How to Improve Cash Flow in a Service Business
Money in the bank lets your field service respond to business opportunities and emergencies swiftly and effectively. And a high cash-to-receivables ratio puts you in a stronger position when borrowing funds to replace equipment or expand. There is no question robust cash flow is essential to your company's profitability and growth.
Jul 08, 2015
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There is no question robust cash flow is essential to your company’s profitability and growth. Money in the bank lets your field service respond to business opportunities and emergencies swiftly and effectively. And a high cash-to-receivables ratio puts you in a stronger position when borrowing funds to replace equipment or expand. By collecting as quickly as possible and stretching your payables to the limit, you can increase your agility without changing your balance sheet. Here are some tips.
Improve your customer payment cycle
Make it a priority to convert invoices to cash as soon as possible – even before your trucks return at the end of the day. Make sure your field staff understands that this is a company goal.
For single-visit work orders, aim for on-site payments. Equip your field workers with mobile field management software and card readers. Credit and debit card payments can be updated to customer accounts in QuickBooks before your trucks get home. Consider incentives for field staff with the highest percentages of on-site payments.
For those accounts where job-site payment is not the answer, you can still optimize the payment cycle with job-site invoicing. Have your field workers capture customer signatures on completion of all jobs, then email itemized invoices to the customers before the trucks leave the job sites. Not only does this push your invoices to the top of customers’ accounts payable lists, it will minimize the billing questions and disputes that bog down your bookkeeping office and the payment cycle.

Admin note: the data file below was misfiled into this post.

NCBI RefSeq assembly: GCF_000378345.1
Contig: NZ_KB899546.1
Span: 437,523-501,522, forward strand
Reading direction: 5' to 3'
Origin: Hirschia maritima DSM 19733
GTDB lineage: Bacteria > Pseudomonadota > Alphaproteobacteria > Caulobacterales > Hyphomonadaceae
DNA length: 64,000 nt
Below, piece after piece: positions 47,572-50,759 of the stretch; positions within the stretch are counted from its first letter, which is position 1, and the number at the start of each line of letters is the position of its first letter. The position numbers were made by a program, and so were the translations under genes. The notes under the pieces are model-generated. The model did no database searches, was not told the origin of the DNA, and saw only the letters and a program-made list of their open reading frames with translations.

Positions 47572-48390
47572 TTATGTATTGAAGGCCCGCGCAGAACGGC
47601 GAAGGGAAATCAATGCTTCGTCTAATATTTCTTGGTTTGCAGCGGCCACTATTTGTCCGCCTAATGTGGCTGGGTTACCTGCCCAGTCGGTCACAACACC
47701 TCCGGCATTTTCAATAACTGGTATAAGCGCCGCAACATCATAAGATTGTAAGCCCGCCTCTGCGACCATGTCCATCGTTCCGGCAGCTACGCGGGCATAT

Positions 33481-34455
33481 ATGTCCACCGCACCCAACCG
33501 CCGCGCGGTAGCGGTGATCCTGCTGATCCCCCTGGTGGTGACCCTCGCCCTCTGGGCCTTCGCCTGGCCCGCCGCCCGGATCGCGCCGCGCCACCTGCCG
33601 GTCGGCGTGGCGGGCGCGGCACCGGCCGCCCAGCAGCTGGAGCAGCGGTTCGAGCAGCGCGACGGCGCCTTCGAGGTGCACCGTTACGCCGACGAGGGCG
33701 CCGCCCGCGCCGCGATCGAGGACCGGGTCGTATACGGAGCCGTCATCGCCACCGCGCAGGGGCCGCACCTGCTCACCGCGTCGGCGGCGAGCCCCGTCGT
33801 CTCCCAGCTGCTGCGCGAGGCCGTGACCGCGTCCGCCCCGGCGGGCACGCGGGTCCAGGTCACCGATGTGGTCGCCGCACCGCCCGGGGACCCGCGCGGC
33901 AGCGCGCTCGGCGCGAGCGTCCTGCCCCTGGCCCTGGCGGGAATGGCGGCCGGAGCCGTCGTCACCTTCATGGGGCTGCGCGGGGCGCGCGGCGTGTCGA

Negotiate payment terms for each account, with discounts for early payment. Create a custom invoice template for each account, prominently featuring payment terms. Make a cheerful reminder call or send an email BEFORE the bill is due, identifying and resolving any dispute that might hold up payment. (This is an excellent opportunity to evaluate your customer service.)
Identify habitual problem payers. Your accounts receivables manager should be on a first-name basis with those customers / accounts-payable managers, relentlessly but gently working to bring them back into range. Track progress over a few months and be sure the accounts are improving. If not, determine whether you are actually making money on that business. You may have to fire the customer.
Stretch your payables and inventory until they squeak
Separate your regular suppliers from one-offs, then negotiate better terms and discounts with your regulars. Fine tune your payables so you stay just within terms. Examine your inventory to ensure you don’t have a lot of cash tied up in big-ticket items that are readily available on short order. If you find any aging big-ticket items in the warehouse, encourage your staff to push them at discounted prices.
At RazorSync, we are committed to helping our customers achieve higher profits with less stress. Do you have any tips for our users? Leave a comment below.